What just happened here.
Bob looked tired. I sat down and made small talk to release some of the tension. I asked, “How is your day so far?” He looked at me, shrugged and said, “I am not sure. It was a long day. I think I screwed up one of the coding questions. I am not very good at coding on a whiteboard, so this is not easy for me. Also, it took me a while to solve the light bulb puzzle, but I think I got it right. I am not sure. I guess I’ll find out soon.” I was shocked. Nobody told him if his answer was correct.
That’s when it dawned on me. Was I interviewing Bob to know if he could do the job we needed him to do? Or was I interviewing him to find out if he is good at writing code on a whiteboard and resolving logic puzzles? Are the two things the same? What if they aren’t? The interviewer who gave him the bulb problem neglected to tell him if the solution was correct. Why? What if the usual tech interview process is good only at testing interview skills? Maybe the industry got it all wrong. What if we convinced ourselves of something that is not reality? How often don’t people get the job because they are not good at interviews? How much talent gets wasted this way?
That evening I didn’t ask Bob my usual coding question. I decided that there was no point and spent my hour with him talking about past projects and his passion for technology. I also brainstormed a real problem with him; a problem I was trying to resolve before the interview. We made some progress together. He left relieved that I didn’t get him to code on the whiteboard. He was intrigued by the discussion and surprised that the last hour wasn’t pure torture.
When the interview team met to discuss, a few people were not thrilled with his performance at the whiteboard. They said he didn’t seem confident and stated that they didn’t like how he named variables. They also said that he couldn’t write clearly, so it was hard to read his code. “Since when are we interviewing people for their handwriting skills?” I asked.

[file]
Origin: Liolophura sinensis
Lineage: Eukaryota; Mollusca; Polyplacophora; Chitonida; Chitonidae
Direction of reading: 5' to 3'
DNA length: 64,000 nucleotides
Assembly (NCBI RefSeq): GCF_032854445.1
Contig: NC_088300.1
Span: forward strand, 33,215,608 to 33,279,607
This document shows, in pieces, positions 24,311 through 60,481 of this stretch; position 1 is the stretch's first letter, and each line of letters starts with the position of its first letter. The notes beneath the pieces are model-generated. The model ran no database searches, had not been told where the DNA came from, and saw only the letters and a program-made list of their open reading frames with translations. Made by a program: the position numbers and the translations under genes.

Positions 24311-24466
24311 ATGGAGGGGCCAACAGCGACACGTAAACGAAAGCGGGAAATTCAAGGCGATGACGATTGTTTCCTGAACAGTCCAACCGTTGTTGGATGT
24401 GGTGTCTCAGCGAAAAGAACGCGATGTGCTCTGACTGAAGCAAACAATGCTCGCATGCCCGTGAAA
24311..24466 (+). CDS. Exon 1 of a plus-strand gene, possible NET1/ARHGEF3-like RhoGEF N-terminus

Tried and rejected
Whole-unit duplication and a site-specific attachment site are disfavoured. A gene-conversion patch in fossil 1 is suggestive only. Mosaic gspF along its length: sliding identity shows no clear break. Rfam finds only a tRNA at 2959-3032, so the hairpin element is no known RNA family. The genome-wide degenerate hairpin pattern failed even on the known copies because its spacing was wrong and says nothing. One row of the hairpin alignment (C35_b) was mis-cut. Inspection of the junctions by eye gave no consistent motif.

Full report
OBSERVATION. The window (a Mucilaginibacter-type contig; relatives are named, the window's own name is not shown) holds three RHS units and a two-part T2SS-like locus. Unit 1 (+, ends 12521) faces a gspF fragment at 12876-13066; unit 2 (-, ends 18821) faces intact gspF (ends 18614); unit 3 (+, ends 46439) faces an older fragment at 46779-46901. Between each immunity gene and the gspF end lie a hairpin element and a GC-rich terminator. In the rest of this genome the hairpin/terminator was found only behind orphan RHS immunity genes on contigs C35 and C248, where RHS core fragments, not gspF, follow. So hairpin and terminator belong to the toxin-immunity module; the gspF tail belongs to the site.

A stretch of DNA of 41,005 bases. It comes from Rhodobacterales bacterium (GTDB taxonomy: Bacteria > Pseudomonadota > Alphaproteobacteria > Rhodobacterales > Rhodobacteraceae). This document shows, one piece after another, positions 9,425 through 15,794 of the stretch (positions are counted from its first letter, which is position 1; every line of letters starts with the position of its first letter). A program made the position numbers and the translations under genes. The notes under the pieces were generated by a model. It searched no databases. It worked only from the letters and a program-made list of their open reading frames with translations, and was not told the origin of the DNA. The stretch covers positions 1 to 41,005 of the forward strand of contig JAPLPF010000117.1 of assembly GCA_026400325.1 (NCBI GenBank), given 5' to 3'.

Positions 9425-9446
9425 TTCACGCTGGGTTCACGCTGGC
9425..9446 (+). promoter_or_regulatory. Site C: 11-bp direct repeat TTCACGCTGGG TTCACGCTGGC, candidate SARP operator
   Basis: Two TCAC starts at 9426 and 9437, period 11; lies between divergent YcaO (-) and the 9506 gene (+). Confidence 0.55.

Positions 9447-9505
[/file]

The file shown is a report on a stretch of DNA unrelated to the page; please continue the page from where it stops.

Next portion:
Mark, the interviewer who asked the bulb question, said Bob was nervous and struggled, but resolved the puzzle. I asked him why Bob didn’t seem to know that. Mark thought about it a moment and said that there was no reason to tell him. It would not have helped to assess the candidate, so he forgot to mention it. “So, does it mean that it doesn’t matter how the candidate feel? When did we get so uncaring?” I thought.
Two things happened that day. The first one was that it was decided Mark should not interview people. He didn’t like it anyway, and he wasn’t very good at it. Respect for a candidate is paramount, and anything less is unacceptable. The second was that I made a strong case for Bob, along with another interviewer, and in the end, he got the job. Bob ended up being with the company for several years and was a stellar developer who did great things.
The abnormal normal.
The company I worked for at the time was far from being an extreme case. It was average in the industry, if not above average. It allowed engineers to interview people in whatever way they wanted. Leadership gave no direction or training.